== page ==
UT Wordmark Primary UT Wordmark Formal Shield Texas UT News Camera Chevron Close Search Copy Link Download File Hamburger Menu Time Stamp Open in browser Load More Pull quote Cloudy and windy Cloudy Partly Cloudy Rain and snow Rain Showers Snow Sunny Thunderstorms Wind and Rain Windy Facebook Instagram LinkedIn Twitter email

UT News

New Delivery Method Could Transform Vaccine Distribution to Remote, Developing Areas

Two color orange horizontal divider
Screen Shot 2020-03-05 at 9.05.42 AM

AUSTIN, Texas — Access to vaccines around the world could get easier thanks to scientists in the College of Pharmacy at The University of Texas at Austin who have developed an inexpensive and innovative vaccine delivery method that preserves live viruses, bacteria, antibodies and enzymes without refrigeration.

Maria A. Croyle and her research team in the lab of the Division of Molecular Pharmaceutics and Drug Delivery at UT Austin have released a research paper describing a peelable lightweight film that stabilizes biologics and withstands extreme temperature changes. The technology has already demonstrated proof of concept for model Ebola and H1N1 vaccines, and it may prove to be an effective method of delivery for future treatments of pathogens such as the coronavirus that causes COVID-19.

“It is essentially a plug and play platform,” said Croyle, who is the Glaxo Wellcome Endowed Professor of Pharmaceutics at UT. “Once we know the specific qualities of a vaccine candidate, we can adapt the film’s components to meet those requirements, suspending and sealing it within the film matrix in a way that allows it to withstand extreme temperature changes and release the vaccine components in a precise and controlled manner.”

The research team published its findings in the journal Science Advances.

A peelable, lightweight film, developed by UT Austin professor Maria Croyle, can preserve live viruses, bacteria and antibodies without refrigeration. Credit: The University of Texas at Austin.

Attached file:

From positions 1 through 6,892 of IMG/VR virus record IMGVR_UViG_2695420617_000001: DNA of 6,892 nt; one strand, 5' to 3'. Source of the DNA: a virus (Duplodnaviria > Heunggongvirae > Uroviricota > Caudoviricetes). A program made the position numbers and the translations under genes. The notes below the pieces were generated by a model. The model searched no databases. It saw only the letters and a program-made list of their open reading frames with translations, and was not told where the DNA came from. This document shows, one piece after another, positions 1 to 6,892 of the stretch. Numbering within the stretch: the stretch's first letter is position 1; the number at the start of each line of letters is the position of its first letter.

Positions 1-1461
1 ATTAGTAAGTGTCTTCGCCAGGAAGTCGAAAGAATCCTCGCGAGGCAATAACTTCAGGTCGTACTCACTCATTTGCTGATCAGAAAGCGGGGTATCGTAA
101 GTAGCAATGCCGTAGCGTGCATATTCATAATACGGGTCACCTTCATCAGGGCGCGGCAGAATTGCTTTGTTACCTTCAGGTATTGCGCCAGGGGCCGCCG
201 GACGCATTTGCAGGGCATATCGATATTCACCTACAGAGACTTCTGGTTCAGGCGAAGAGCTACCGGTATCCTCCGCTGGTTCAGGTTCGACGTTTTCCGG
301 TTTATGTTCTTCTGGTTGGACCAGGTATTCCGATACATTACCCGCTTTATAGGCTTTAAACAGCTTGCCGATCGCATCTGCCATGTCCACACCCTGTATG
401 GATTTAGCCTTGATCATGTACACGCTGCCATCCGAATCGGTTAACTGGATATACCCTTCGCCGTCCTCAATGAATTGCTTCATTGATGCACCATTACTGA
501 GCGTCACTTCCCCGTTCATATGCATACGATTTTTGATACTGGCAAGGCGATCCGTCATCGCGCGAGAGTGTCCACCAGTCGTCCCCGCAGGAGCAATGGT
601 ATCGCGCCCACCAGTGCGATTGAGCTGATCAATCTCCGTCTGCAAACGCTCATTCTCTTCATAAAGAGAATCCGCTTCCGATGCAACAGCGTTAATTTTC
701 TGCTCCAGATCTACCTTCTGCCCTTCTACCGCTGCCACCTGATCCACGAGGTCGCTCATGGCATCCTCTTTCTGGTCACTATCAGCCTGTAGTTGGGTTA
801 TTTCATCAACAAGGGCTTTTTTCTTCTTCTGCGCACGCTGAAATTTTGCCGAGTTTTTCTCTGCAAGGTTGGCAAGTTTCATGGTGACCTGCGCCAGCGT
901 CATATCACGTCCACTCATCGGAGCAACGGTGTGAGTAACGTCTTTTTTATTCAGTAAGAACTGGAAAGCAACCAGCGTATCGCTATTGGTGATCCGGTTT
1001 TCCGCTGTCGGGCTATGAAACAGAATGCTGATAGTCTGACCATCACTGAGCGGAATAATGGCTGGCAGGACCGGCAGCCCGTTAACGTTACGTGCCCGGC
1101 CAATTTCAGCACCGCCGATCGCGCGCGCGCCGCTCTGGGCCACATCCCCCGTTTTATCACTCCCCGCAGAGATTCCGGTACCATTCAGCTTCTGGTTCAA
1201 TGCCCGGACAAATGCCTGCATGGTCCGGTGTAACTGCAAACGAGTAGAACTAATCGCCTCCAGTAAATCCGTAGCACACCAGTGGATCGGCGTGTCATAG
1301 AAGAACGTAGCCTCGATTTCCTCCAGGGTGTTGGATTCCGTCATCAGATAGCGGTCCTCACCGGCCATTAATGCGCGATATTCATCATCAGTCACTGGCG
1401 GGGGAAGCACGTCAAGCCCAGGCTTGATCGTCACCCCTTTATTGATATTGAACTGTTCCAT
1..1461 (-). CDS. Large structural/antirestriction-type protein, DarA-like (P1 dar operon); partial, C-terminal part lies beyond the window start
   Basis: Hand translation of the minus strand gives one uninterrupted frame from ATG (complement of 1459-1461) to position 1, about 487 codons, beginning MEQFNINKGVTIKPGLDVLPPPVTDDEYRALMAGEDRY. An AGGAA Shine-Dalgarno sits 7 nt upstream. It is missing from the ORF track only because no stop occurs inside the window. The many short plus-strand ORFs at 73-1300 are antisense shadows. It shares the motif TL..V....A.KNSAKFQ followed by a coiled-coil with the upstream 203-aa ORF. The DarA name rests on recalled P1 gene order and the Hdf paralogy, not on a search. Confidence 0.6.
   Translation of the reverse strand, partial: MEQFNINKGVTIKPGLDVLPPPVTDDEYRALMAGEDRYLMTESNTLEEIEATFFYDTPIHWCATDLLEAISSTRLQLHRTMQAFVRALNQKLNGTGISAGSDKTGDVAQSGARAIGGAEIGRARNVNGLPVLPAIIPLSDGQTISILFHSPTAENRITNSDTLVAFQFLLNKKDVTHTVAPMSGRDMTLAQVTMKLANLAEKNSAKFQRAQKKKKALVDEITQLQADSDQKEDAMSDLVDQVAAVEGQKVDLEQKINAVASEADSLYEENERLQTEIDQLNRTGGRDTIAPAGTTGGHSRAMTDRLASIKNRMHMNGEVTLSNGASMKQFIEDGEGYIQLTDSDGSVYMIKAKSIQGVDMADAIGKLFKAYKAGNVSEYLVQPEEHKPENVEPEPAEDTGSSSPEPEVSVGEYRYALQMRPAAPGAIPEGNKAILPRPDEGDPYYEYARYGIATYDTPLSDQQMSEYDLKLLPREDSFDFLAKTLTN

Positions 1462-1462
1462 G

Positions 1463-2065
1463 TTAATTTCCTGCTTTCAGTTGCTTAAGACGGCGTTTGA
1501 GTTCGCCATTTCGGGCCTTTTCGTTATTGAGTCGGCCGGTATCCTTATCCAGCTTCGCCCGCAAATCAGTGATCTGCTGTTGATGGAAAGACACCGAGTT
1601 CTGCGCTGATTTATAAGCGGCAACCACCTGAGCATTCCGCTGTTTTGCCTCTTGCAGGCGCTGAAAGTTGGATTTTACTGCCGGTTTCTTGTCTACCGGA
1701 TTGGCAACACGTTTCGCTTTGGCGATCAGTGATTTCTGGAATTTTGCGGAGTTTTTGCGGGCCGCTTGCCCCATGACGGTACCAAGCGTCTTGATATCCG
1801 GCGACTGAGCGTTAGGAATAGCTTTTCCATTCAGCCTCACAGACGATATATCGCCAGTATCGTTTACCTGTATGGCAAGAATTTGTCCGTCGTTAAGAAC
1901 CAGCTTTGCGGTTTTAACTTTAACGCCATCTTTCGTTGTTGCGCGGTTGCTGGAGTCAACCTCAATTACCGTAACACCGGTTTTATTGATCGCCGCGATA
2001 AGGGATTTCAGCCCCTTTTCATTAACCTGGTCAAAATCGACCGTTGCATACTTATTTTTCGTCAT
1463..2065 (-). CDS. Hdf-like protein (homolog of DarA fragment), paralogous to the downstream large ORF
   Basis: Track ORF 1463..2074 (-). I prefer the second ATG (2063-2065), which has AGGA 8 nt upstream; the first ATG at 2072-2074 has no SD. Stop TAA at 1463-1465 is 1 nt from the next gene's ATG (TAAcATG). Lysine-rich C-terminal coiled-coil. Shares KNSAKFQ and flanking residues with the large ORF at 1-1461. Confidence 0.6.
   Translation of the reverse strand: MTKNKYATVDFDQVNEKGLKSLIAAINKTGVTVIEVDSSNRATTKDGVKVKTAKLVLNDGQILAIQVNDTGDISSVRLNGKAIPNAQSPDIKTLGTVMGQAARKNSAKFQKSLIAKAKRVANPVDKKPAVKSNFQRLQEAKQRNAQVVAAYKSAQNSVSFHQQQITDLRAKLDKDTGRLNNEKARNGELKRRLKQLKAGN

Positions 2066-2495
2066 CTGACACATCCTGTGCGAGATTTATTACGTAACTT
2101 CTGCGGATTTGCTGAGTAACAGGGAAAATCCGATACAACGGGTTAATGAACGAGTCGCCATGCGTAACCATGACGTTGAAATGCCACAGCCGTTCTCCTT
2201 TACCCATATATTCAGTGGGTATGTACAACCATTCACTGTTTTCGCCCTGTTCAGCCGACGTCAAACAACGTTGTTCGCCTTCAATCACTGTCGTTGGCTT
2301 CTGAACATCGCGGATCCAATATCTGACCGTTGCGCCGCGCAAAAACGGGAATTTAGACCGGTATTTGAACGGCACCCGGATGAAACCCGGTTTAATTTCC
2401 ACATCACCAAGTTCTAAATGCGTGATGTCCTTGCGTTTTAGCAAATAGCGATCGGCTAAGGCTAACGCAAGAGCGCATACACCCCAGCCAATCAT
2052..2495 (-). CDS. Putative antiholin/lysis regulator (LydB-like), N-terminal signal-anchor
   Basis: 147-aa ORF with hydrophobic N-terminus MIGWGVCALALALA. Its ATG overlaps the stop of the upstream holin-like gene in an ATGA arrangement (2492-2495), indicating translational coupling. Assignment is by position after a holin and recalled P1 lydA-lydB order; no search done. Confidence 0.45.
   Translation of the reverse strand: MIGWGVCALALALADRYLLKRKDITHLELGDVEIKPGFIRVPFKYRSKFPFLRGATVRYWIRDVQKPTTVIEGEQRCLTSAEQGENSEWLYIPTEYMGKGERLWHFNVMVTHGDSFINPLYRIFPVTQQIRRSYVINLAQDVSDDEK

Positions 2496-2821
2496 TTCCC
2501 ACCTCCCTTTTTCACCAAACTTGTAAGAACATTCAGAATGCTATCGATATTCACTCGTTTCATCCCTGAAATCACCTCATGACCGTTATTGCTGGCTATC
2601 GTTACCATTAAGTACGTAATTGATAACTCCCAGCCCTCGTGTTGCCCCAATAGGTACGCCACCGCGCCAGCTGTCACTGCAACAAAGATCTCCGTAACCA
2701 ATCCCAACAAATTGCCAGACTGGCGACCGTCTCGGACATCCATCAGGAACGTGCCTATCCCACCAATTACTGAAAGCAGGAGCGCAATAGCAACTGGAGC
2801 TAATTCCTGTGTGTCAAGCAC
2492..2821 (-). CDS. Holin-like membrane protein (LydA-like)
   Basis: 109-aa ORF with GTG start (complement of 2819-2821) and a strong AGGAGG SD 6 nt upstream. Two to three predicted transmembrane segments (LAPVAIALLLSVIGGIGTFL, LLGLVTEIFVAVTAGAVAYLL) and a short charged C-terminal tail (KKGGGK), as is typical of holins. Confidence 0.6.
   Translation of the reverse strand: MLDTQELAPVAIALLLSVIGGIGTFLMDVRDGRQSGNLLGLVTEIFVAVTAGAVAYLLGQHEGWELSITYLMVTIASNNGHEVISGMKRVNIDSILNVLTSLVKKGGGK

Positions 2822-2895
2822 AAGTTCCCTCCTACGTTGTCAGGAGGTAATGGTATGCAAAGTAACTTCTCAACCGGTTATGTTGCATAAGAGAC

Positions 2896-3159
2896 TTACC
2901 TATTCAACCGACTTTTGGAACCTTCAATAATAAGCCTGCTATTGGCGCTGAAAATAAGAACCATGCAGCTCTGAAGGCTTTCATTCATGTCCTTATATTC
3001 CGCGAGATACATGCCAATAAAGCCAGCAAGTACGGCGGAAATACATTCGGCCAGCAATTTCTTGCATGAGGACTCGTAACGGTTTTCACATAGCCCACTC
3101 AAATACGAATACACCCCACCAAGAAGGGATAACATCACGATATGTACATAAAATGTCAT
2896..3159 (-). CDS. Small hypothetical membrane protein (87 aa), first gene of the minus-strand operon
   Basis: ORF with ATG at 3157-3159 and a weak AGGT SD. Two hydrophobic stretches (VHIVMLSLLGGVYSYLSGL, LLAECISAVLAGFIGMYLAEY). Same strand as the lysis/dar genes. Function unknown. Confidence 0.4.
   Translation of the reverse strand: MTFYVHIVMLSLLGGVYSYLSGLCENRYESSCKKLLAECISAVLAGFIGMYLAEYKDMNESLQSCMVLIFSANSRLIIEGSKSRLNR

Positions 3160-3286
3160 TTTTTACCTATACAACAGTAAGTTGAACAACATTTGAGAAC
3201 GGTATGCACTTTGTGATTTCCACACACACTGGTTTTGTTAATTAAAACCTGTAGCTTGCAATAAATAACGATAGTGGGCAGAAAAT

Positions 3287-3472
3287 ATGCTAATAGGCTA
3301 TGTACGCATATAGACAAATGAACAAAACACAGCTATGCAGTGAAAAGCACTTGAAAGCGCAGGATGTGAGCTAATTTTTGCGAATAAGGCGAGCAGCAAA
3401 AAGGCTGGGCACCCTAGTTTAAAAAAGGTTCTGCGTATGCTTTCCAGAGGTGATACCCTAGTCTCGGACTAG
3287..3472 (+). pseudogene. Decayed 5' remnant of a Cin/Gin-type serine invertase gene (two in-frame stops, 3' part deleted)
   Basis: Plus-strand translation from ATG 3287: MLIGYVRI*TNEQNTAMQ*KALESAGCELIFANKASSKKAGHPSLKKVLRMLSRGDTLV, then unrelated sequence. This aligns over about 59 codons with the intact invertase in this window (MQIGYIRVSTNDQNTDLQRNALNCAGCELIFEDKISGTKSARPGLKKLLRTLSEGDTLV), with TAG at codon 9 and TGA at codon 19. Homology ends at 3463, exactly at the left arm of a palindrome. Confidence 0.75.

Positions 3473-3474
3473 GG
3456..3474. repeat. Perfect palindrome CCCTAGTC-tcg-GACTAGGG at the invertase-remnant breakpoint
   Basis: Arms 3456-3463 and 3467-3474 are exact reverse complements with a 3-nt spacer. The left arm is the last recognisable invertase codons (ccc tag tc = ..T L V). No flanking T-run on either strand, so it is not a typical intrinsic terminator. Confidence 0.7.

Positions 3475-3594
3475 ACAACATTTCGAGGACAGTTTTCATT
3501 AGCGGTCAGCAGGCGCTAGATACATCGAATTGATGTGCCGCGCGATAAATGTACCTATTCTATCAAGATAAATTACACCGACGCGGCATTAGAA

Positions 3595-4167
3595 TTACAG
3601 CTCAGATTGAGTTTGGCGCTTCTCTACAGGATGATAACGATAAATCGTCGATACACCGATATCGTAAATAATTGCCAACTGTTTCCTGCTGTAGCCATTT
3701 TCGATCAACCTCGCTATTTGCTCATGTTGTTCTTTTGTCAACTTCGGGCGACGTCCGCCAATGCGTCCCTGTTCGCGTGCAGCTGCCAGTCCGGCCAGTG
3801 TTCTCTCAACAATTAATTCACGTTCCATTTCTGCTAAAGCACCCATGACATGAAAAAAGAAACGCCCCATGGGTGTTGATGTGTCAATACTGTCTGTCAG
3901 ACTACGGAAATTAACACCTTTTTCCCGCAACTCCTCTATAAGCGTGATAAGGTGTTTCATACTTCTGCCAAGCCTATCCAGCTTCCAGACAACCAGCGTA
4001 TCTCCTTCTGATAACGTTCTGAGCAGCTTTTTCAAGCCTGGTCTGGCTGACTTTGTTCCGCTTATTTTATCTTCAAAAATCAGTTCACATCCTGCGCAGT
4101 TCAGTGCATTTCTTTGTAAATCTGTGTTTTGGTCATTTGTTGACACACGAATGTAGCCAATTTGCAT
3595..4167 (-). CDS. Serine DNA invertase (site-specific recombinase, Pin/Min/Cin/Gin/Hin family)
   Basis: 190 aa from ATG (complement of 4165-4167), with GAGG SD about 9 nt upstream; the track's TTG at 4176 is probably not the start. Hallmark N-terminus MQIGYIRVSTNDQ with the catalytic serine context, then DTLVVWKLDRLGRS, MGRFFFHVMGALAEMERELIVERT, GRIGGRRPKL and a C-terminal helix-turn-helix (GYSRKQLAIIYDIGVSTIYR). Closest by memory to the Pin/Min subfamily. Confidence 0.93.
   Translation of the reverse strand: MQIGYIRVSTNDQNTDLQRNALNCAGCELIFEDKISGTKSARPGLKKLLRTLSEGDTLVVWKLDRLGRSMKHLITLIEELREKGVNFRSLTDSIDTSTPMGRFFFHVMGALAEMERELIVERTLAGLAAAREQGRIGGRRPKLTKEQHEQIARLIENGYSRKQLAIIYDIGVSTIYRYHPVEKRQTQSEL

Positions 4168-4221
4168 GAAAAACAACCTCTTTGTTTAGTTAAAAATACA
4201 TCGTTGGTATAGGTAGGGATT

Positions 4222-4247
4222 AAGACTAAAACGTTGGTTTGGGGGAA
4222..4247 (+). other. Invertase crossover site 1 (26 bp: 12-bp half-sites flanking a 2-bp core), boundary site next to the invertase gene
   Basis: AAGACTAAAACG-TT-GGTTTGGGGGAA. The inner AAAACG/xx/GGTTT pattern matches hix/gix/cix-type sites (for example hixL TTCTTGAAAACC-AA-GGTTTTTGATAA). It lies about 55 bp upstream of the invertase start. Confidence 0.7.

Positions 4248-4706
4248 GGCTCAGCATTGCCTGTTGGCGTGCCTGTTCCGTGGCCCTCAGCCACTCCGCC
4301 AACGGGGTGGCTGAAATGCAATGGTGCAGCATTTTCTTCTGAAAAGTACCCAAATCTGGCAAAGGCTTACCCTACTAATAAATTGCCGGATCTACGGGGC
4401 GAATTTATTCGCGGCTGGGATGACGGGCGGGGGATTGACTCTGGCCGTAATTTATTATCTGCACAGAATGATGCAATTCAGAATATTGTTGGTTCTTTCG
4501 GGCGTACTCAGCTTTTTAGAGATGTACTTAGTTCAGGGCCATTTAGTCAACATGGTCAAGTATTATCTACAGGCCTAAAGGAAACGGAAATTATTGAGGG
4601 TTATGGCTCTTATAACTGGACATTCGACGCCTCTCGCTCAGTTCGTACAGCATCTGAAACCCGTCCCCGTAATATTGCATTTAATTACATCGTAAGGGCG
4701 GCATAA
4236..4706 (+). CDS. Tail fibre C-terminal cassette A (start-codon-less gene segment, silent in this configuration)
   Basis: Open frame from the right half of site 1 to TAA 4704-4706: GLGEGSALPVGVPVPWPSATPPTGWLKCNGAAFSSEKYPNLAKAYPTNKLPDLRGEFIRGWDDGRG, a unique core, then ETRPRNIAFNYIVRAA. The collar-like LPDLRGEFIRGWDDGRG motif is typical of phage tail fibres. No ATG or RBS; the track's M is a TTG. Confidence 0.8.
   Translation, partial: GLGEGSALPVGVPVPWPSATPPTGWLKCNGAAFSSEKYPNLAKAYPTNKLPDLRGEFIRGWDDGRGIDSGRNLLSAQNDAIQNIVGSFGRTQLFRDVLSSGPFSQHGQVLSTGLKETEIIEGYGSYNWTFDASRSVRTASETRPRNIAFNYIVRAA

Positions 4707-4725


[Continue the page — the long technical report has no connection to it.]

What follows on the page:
As researchers develop vaccines and biologic treatments for deadly diseases, a second challenge comes in distributing those treatments to remote, developing and low-income areas around the world. More than half of the leading causes of death in low-income countries were the result of infectious disease, while costs associated with storage and shipping vaccines and biological drugs make up 40% of the cost of drugs in the Western world.

Croyle’s film is not only inexpensive, but nearly one-thousandth the size of traditional vaccine vials and requires no refrigeration throughout the delivery and administration process. The technology could significantly increase the survival rates for existing preventable diseases and drastically reduce the timetable and cost to combat emerging diseases before they spread worldwide.

The film technology developed by Croyle has been licensed to a new startup company based in Chapel Hill, North Carolina. Early investors include the founders of Asklepios BioPharmaceutical Inc. (AskBio). The company was established to develop the film technology for applications in stabilizing biological therapeutics, such as vaccines, anti-infective and chemotherapeutic agents, and gene therapy products.

“We are excited to partner with AskBio to develop Maria’s platform technology,” said Erin Overstreet, director of licensing in UT Austin’s Office of Technology Commercialization. “We believe the technology is poised to help patients with rare diseases, with the potential to help many other patients as well, and look forward to seeing the technology benefit the public.”

The research authors include Irnela Bajrovic, a doctoral candidate in the College of Pharmacy’s Division of Molecular Pharmaceutics and Drug Delivery; Stephen C. Schafer of the College of Pharmacy’s Division of Molecular Pharmaceutics and Drug Delivery; Dwight K. Romanovicz of the Institute for Cellular and Molecular Biology in the College of Natural Sciences; and Croyle.